Pulse wave analysis
Central blood pressure parameters including augmentation index (AIX) were measured by applanation tonometry using the SphygmoCor® system. Via a transfer function, the pressure waveform of the ascending aorta was synthesized. PWV was determined from measurements taken at the carotid and femoral artery as described (Van Bortel et al. 2012).
Forearm blood flow
Forearm blood flow (FBF) was measured by mercury-in-rubber strain gauge plethysmography (Periquant 833, Gutman, Eurasburg, Germany) according to standard techniques at rest and during reactive hyperemia secondary to 3 min of forearm ischemia.
Assessment of perfusion in cutaneous microcirculation using laser doppler perfusion imaging
Perfusion of the cutaneous microcirculation of the forearm skin was measured at rest and during reactive hyperemia using a scanning laser Doppler perfusion imager (PeriScan PIM III, Perimed, Sweden) as described (Keymel et al. 2010). The parameter obtained is a global circulatory index expressed in arbitrary units (au) integrating the multidirectional average velocities in skin resistance arteries (lumen <100 m). After 15-min rest, the laser beam was positioned 15 cm above the forearm scanning a field of 200 mm2 on the volar site of the forearm. Microvascular reactivity was assessed during postocclusive reactive hyperemia. Following the baseline perfusion (1 min; 20 images), a blood pressure cuff located at the proximal forearm was inflated to suprasystolic pressure. After the cuff release, the microvascular response on reactive hyperemia was recorded. Data acquisition and analysis were performed by LDPIWin Software (Perimed, Sweden). Maximum perfusion, amplitude of perfusion (maximum perfusion − baseline perfusion), ratio (maximum perfusion / baseline perfusion), percentage increase ((maximum perfusion − baseline perfusion) / baseline perfusion × 100), time to peak response, and area under curve were evaluated without subtracting biological zero from the data (Keymel et al. 2010).
Measurement of RBC deformability
RBC deformability was measured by a laser-assisted optical rotational cell analyzer (LORCA, R&R Mechatronics, Hoorn, Netherlands) according to the manufacturers’ instructions as described (Keymel et al. 2011). After a 15-min rest in a supine position, blood was drawn from the cubital vein, collected in a heparinized tube (10 IE/ml, Liquemin 5000 IE, Roche, Grenzach-Wyhlen, Germany), and RBC deformability was measured by the laser-assisted optical rotational cell analyzer (LORCA, R&R Mechatronics, Hoorn, Netherlands) according to the manufactures’ instructions as described previously. Briefly, 20 μl of whole blood was diluted 200 times in high-viscosity L–polyvinylpyrrollidone. One milliliters of the suspension was transferred into the LORCA device and automatically subjected to varying degrees of shear stress at 0.3 to 10 Pa by stepwise increases of the rotation speed (Keymel et al. 2011).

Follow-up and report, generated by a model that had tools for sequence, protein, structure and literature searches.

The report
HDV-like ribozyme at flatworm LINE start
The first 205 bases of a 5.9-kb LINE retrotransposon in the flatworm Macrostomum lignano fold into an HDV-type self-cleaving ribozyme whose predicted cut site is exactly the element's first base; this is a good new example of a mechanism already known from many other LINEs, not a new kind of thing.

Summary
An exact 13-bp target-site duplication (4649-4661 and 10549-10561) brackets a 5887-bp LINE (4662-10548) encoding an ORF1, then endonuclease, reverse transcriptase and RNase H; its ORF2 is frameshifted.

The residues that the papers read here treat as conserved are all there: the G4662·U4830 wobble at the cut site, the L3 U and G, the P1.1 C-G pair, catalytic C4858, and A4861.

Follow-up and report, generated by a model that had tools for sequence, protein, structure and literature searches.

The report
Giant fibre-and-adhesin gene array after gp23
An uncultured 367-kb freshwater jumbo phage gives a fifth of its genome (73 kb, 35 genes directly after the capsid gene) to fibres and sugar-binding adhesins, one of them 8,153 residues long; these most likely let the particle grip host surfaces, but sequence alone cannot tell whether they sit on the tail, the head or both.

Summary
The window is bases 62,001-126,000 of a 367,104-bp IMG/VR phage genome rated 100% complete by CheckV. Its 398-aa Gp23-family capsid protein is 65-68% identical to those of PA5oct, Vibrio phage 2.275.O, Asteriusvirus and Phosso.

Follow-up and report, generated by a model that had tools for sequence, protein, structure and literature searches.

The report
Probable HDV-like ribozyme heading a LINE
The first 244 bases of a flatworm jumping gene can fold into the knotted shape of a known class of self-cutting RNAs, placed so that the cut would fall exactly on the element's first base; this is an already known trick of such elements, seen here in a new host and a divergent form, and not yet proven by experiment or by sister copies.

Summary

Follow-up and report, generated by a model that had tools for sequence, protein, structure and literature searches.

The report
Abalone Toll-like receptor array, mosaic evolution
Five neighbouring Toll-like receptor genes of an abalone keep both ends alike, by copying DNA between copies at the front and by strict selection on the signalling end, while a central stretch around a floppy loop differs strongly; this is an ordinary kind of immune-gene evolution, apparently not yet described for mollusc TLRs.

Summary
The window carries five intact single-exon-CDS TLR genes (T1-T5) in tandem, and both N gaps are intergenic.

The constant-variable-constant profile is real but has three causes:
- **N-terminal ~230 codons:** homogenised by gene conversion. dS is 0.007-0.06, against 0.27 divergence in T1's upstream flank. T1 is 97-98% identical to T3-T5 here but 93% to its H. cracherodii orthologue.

Analysis of flavanols and their metabolites in plasma
(−)-Epicatechin and its related metabolites where analyzed in plasma by HPLC-FLD/UV and electrochemical detection using authentic standards provided by Mars Inc., as previously described (Ottaviani et al. 2012). Prior to analysis, plasma samples (0.5 ml) were defrosted on ice and then subjected to β-glucuronidase and sulfatase treatment (2000 units/ml; 40 min; 37 °C). Then, samples were mixed with 2 ml of acidified ice-cold methanol (0.5 % acetic acid in methanol, v/v) containing 3′-O-ethyl-(−)-epicatechin (500 nM) as a recovery standard. Samples were centrifuged at 17,000×g for 15 min at 4 °C, and the supernatant was collected. The pellet was extracted again with 2 ml of acidified ice-cold methanol (0.5 % acetic acid in methanol, v/v) containing 3′-O-ethyl-(−)-epicatechin (500 nM), and then with 1 ml of 50 % methanol acidified with 0.5 % acetic acid and containing 3′-O-ethyl-(−)-epicatechin (500 nM). Combined supernatants underwent concentration (to approximately 50 μl) using a Speedvac system (Thermo Fisher Scientific Inc., Basingstoke, UK) and were mixed with resorcinol (300 pmol) and catechol (300 pmol) prior to analysis by HPLC. Flavanol monomers and O-methylated metabolites were analyzed using a Hewlett-Packard 1200 series HPLC (Hewlett-Packard, Palo alto, CA, USA) equipped with diode array and fluorescent detection. Samples (50 μl) were injected onto a reversed-phase Phenomenex Luna C18(2) column (4.6 × 150 mm) with 3-μm particle size. The mobile phase consisted of (A) HPLC grade water, (B) 200 mM sodium acetate, pH 4.4/Methanol (84/16), and (C) acetonitrile, and the following gradient protocol was run: 0 min, 75 % A, 25 % B; 5 min, 75 % A, 25 % B; 20 min, 65 % A, 25 % B; 28 min, 63 % A, 25 % B; 34 min, 55 % A; 25 % B; 41 min, 45 % A, 25 % B; 45 min, 25 % B, 75 % C; 55 min, 25 % B, 75 % C; 56.1 min 75 % A, 25 % B; and 60 min, 75 % A, 25 % B. The flow rate was 0.8 ml/min. Detection of flavanols and their metabolites was performed using a fluorescent detector with excitation wavelength of 276 nm and emission wavelength of 316 nm. The concentration of each compound was determined using an external calibration curve produced with the use of authentic standards.
Results are expressed as mean ± standard error of the mean (SEM). Baseline data represent data of first visit (day 1, 0 h). The primary test for an effect was a three-way repeated mixed model measurements ANOVA (one within-subject factor: time [day 1, 0 h / day 1,1 h / day 14, 0 h / day 14, 1 h]; two between-subject factors: age (YOUNG/ELDERLY) and intervention (CONTROL/FLAVANOL). ANOVA and confidence intervals for pairwise comparisons were computed with SPSS 20 (IBM). Correlations were Pearson’s r. Values of p less than 0.05 were regarded as statistically significant.